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Saturday, 21 June 2014

Old Cairo::Ancient City in Egypt

Old Cairo (Egyptian Arabic: Masr el Adīma) is a part of Cairo, Egypt, that contains the remnants of those cities which were capitals before Cairo, such as Fustat, as well as some other elements from the city's varied history. For example, it encompasses Coptic Cairo and its many old churches and ruins of Roman fortifications. Modern tourists visit locations such as the Coptic Museum, the Babylon Fortress, the Hanging Church and other Coptic churches, the Ben Ezra Synagogue and the Mosque of 'Amr ibn al-'As. Fort Babylon is a Roman fortress around which many of the Egyptian Christians' oldest churches were built.

Convent of Saint George in Coptic Cairo, a famous section of the Old City


Count Gabriel Habib Sakakini Pasha (1841–1923), who had become a household name in his time, built a palace and a church in the Sakakini area in 1897[1] and established the Roman Catholic Cemetery in Old Cairo.



 Cairo, channel between Rhoda Island and Old Cairo, Egypt

Medieval history
During the latter half of the 15th century, two final major transformations took place in Cairo: the port of Bulaq, and a district called al-Azbakiyyah in the northwest section of the city. The perimeters of the city had been unchanged for the past 300 years according to the map done by the French expedition in 1798 AD. With the Baybars’s conquest of Cyprus in 1428, Bulaq became the major port of Cairo. By the end of the 15th century, Bulaq was even able to take over the role as the major commercial port from misr al-Qadima (Old Cairo).

Look below for Captures of old Cairo....





Wednesday, 18 June 2014

Ghadames::Ancient City in Libya

Ghadames or Ghadamis /ɡəˈdæmɨs/ (Arabic: غدامس‎, Libyan vernacular: ġdāməs) is an oasis town in the Nalut District of the Tripolitania region in northwestern Libya.

Geography
Ghadames lies roughly 462 kilometres (287 mi) to the southwest of Tripoli, near the borders with Algeria and Tunisia. Ghadames borders Illizi Province, Algeria and Tataouine Governorate, Tunisia.
The oasis has a population of around 10,000, mainly Berbers. The old part of the town, which is surrounded by a city wall, has been declared a UNESCO World Heritage site. Each of the seven clans that used to live in this part of the town had its own district, of which each had a public place where festivals could be held.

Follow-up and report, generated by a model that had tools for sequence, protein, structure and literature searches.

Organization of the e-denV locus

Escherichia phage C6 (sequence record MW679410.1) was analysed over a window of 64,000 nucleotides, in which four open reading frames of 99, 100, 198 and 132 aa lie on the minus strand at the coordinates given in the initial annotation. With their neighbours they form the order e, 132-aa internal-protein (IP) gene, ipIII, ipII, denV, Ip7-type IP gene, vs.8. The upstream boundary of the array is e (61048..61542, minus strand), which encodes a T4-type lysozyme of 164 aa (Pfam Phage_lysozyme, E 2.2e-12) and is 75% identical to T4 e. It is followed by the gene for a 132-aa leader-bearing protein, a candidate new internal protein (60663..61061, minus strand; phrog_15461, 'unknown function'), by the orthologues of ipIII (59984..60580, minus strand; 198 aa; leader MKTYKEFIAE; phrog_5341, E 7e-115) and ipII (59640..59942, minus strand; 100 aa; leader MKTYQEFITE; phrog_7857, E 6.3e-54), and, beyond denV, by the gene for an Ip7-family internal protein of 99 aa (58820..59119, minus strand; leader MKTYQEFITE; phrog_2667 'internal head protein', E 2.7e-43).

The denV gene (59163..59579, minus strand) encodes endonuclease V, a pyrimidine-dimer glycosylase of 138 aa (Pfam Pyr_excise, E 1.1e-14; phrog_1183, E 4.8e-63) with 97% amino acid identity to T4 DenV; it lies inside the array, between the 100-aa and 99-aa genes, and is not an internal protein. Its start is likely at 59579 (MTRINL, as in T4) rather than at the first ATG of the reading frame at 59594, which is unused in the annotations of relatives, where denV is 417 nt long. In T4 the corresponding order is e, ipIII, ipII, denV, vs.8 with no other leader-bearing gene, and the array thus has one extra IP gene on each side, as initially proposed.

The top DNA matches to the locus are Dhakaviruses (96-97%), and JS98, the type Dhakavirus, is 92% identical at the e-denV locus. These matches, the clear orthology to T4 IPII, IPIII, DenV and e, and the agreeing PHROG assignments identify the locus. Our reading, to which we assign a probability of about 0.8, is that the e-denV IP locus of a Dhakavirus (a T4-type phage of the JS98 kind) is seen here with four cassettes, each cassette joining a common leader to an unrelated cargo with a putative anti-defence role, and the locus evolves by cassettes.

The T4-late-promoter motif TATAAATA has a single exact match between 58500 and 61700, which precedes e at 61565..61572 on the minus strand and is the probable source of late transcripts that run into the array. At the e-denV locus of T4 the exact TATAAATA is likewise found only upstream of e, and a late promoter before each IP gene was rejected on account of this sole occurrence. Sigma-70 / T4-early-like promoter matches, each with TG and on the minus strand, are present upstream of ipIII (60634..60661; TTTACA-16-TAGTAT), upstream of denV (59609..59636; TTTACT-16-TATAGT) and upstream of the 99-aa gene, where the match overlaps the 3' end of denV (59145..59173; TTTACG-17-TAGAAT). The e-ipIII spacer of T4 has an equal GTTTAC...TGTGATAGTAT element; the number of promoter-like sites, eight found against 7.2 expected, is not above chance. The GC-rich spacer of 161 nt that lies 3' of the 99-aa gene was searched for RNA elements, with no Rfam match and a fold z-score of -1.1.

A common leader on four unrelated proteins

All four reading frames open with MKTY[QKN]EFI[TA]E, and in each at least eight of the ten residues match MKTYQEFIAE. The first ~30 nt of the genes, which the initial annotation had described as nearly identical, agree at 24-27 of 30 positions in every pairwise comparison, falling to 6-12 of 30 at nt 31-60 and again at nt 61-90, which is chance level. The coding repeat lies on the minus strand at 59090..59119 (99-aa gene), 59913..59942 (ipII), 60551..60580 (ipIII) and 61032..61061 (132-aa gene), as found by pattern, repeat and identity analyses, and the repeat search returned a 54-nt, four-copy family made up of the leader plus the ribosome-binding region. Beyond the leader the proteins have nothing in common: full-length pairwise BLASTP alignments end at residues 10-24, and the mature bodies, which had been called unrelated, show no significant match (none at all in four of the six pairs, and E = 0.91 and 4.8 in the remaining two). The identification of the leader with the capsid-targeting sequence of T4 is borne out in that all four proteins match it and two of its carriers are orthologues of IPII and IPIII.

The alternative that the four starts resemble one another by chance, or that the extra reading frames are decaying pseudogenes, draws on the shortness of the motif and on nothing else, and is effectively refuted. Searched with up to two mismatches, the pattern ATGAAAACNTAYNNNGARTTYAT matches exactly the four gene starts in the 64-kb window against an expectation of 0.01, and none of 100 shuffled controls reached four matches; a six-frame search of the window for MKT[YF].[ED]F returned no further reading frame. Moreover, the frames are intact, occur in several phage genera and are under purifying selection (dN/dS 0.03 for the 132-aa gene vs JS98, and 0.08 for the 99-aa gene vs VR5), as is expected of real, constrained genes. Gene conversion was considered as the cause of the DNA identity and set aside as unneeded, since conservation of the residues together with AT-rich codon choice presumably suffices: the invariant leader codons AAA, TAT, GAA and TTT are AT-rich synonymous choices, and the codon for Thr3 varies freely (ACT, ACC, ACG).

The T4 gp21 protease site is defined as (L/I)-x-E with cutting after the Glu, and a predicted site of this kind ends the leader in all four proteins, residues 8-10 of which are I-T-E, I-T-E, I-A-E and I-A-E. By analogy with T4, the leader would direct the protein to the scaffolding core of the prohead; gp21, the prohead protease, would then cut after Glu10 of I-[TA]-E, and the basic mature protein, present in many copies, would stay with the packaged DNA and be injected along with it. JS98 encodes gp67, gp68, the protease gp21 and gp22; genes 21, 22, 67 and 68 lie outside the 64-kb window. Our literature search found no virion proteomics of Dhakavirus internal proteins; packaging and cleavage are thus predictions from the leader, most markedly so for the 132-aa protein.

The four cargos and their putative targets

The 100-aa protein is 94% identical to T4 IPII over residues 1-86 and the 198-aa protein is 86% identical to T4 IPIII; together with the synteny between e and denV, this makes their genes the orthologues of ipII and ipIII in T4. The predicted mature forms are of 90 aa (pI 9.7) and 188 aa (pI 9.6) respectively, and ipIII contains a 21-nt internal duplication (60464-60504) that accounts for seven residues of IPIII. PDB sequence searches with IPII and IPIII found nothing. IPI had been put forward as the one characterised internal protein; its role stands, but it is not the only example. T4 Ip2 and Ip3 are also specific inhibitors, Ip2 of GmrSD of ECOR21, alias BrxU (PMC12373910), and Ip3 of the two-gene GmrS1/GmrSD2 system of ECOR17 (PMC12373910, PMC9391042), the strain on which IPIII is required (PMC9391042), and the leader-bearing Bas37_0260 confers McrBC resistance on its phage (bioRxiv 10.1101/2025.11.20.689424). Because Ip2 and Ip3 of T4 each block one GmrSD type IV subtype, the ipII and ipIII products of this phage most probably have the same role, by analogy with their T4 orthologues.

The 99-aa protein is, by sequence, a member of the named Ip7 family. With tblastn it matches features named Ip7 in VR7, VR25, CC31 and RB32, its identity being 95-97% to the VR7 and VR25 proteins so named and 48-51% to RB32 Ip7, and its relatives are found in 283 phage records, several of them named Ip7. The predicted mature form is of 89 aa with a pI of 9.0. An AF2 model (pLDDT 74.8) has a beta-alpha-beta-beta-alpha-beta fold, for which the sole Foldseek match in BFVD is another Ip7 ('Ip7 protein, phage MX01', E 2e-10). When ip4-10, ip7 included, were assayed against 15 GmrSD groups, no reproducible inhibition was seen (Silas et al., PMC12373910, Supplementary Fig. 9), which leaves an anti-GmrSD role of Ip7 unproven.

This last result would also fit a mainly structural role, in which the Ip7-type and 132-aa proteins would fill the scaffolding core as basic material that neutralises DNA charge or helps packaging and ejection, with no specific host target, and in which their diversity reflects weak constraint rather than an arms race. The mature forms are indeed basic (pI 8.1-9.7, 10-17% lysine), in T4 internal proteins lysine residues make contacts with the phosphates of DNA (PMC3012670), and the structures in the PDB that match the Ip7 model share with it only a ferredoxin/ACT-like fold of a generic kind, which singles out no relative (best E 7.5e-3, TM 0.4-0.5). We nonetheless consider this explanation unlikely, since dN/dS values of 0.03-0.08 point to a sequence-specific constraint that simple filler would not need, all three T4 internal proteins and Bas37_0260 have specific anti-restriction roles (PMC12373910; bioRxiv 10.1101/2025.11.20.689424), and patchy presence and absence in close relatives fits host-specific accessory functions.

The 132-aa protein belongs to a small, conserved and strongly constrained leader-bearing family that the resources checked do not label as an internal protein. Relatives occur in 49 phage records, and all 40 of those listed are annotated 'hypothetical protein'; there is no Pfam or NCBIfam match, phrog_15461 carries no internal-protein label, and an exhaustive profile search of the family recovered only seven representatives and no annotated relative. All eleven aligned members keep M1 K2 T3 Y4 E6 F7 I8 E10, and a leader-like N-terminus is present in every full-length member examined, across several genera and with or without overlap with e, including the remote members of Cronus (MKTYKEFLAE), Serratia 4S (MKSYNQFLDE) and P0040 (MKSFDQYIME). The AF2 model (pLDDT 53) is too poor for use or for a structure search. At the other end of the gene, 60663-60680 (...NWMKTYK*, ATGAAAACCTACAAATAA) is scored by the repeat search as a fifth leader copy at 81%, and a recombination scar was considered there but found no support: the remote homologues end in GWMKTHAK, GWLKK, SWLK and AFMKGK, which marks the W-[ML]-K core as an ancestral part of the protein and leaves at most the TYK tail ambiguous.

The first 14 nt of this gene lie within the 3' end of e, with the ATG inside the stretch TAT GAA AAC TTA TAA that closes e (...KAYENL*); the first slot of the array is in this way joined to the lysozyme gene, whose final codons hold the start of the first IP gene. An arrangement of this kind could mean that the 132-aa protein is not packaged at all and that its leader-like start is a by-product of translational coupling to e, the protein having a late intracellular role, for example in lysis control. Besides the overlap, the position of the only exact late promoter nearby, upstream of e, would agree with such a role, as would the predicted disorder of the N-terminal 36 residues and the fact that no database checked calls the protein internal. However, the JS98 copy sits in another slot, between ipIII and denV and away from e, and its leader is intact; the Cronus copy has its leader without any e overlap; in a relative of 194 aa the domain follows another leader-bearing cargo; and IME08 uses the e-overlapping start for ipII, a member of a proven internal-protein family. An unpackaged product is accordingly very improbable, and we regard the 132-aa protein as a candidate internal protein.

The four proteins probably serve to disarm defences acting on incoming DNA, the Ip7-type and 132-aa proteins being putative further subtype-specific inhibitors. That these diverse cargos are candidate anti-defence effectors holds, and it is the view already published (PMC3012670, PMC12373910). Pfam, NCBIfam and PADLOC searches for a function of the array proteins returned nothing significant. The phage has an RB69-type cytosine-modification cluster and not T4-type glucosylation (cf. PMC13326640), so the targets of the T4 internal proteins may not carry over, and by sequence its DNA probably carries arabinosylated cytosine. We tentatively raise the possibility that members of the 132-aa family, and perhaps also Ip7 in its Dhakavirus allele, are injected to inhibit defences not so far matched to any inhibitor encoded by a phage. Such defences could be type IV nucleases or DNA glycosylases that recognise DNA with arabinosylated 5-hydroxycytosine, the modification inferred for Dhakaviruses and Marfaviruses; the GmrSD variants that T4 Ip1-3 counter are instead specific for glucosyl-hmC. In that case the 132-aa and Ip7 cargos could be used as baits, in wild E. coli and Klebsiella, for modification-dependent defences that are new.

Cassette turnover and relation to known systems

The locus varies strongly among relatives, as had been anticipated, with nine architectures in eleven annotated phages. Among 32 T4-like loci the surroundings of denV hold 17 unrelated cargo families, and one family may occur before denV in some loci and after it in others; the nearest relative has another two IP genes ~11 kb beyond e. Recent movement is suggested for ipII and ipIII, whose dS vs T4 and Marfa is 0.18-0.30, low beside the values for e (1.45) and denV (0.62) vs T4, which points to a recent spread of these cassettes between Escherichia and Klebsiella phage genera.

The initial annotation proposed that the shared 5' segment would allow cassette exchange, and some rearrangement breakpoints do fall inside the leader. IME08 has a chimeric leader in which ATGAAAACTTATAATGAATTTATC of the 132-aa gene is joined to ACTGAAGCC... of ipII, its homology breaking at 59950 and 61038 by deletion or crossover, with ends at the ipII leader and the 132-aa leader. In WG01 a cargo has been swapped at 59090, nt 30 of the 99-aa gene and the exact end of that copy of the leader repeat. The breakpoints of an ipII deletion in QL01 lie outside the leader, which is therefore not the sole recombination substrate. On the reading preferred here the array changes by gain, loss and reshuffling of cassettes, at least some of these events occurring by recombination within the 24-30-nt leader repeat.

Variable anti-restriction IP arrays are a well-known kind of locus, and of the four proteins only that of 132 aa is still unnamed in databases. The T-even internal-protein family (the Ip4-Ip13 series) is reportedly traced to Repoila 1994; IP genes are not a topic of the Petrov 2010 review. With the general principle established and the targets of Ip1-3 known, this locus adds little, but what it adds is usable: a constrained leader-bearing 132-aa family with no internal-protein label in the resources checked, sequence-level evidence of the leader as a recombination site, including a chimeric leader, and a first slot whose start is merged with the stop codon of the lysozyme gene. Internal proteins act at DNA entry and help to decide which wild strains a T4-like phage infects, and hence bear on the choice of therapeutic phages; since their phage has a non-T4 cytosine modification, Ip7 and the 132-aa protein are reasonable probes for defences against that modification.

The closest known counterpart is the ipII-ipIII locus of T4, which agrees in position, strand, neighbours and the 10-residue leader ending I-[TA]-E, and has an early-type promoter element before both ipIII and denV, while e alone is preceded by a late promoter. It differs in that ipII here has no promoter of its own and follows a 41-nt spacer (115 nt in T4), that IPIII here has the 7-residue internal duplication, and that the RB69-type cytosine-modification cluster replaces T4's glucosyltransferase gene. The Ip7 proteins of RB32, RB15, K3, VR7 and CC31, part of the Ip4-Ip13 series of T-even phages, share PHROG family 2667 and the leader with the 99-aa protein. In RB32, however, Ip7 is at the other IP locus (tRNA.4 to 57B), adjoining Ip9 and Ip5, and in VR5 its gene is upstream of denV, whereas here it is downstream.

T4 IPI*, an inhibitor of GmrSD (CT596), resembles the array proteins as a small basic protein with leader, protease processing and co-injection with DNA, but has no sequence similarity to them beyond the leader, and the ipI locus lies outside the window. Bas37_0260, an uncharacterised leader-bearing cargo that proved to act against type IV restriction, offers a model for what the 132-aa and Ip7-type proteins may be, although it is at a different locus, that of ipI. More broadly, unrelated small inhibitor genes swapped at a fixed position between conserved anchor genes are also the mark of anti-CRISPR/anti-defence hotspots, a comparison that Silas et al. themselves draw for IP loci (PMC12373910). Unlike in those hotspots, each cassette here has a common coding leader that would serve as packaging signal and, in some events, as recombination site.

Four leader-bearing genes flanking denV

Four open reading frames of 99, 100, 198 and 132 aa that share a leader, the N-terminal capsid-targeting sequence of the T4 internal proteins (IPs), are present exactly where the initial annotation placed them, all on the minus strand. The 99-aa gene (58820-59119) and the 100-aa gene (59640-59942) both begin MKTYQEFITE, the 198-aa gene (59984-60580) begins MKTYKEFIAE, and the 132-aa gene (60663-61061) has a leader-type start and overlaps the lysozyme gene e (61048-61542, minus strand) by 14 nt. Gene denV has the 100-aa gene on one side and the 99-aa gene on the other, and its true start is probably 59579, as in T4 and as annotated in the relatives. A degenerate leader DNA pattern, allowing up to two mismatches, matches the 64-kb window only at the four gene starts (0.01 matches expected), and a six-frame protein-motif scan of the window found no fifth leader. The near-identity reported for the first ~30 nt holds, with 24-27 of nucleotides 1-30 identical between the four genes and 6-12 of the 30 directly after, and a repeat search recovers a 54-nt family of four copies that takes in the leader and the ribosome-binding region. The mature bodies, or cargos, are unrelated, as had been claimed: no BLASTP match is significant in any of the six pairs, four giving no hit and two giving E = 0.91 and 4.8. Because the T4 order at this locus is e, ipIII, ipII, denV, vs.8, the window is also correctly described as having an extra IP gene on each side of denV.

History
 
Ancient eras
The first records about Ghadames date from the Roman period, when the settlement was known as Cydamus. In the 1st century BC the Roman proconsul Lucius Cornelius Balbus invaded Cydamus during the reign of emperor Augustus.[3] A permanent Roman garrison was established during the reign of Septimius Severus, and the emperor may have visited the settlement around AD 202.[4] However, the Romans withdrew from the area a few decades later during the Crisis of the Third Century.

 
 Houses in Ghadames are made of mud, lime, and palm tree trunks with covered alleyways between them to offer good shelter against summer heat.

 During the 6th century, a Bishop lived in the oasis, after the population had been converted to Christianity by Byzantine missionaries.
During the 7th century, Ghadames was ruled by the Muslim Arabs. The population quickly converted to Islam and Ghadames played an important role as base for the Trans-Saharan trade until the 19th century.
 
Etymology
The etymology of the name Ghadames is very closely linked with its history. It is believed that the name Ghadames is originally connected to the name of the ancient Berber tribe of Tidamensi, a tribe from Fezzan. It is also believed that the name Tidamensi was corrupted by the invading Romans to form the name Cydamus, which in turn gave way to the name Ghadames.
The alternative theory for the name, as espoused by the local populace (i.e. a popular etymology), is that the oasis of Ghadames derives from the Arabic words for lunch ("Ghada") and yesterday ("ams"). The words are contracted to form an approximation of "lunch yesterday." By lore, a group that had camped near the oasis left materials from the previous day's campfire cookout. When the steward tasked to retrieve the materials returned to the site, the hoof of his horse broke through to the water of the oasis that now lies at the center of the town. Whether or not this legend is true, the oasis was the reason the town appeared and has remained in this most remote region of the desert.
 
20th—21st centuries
In the 1970s, the government built new houses outside of the old part of the town. However, many inhabitants return to the old part of the town during the summer, as its architecture provides better protection against the heat.
During the 2011 Libyan civil war, National Transitional Council forces entered the town on 30 August 2011, which had been under siege by NTC forces since the beginning of the conflict.

Old Town of Ghadames

The old town, inscribed in 1986 as a UNESCO World Heritage site, was de-populated of its inhabitants throughout the 1990s, leaving the old buildings at risk of collapse due to a lack of maintenance.


 Ghadames Old Town Inside of small dwelling

Libya Ghadames Old Town Rooftop View

 Libya Ghadames Old Town Spring Water Pool

 Libya Ghadames Old Town Wall Entrance

Libya Ghadames Old Town Fruit Trees

View over the rooftops of the old town of Ghadames


 Old Town of Ghadamès

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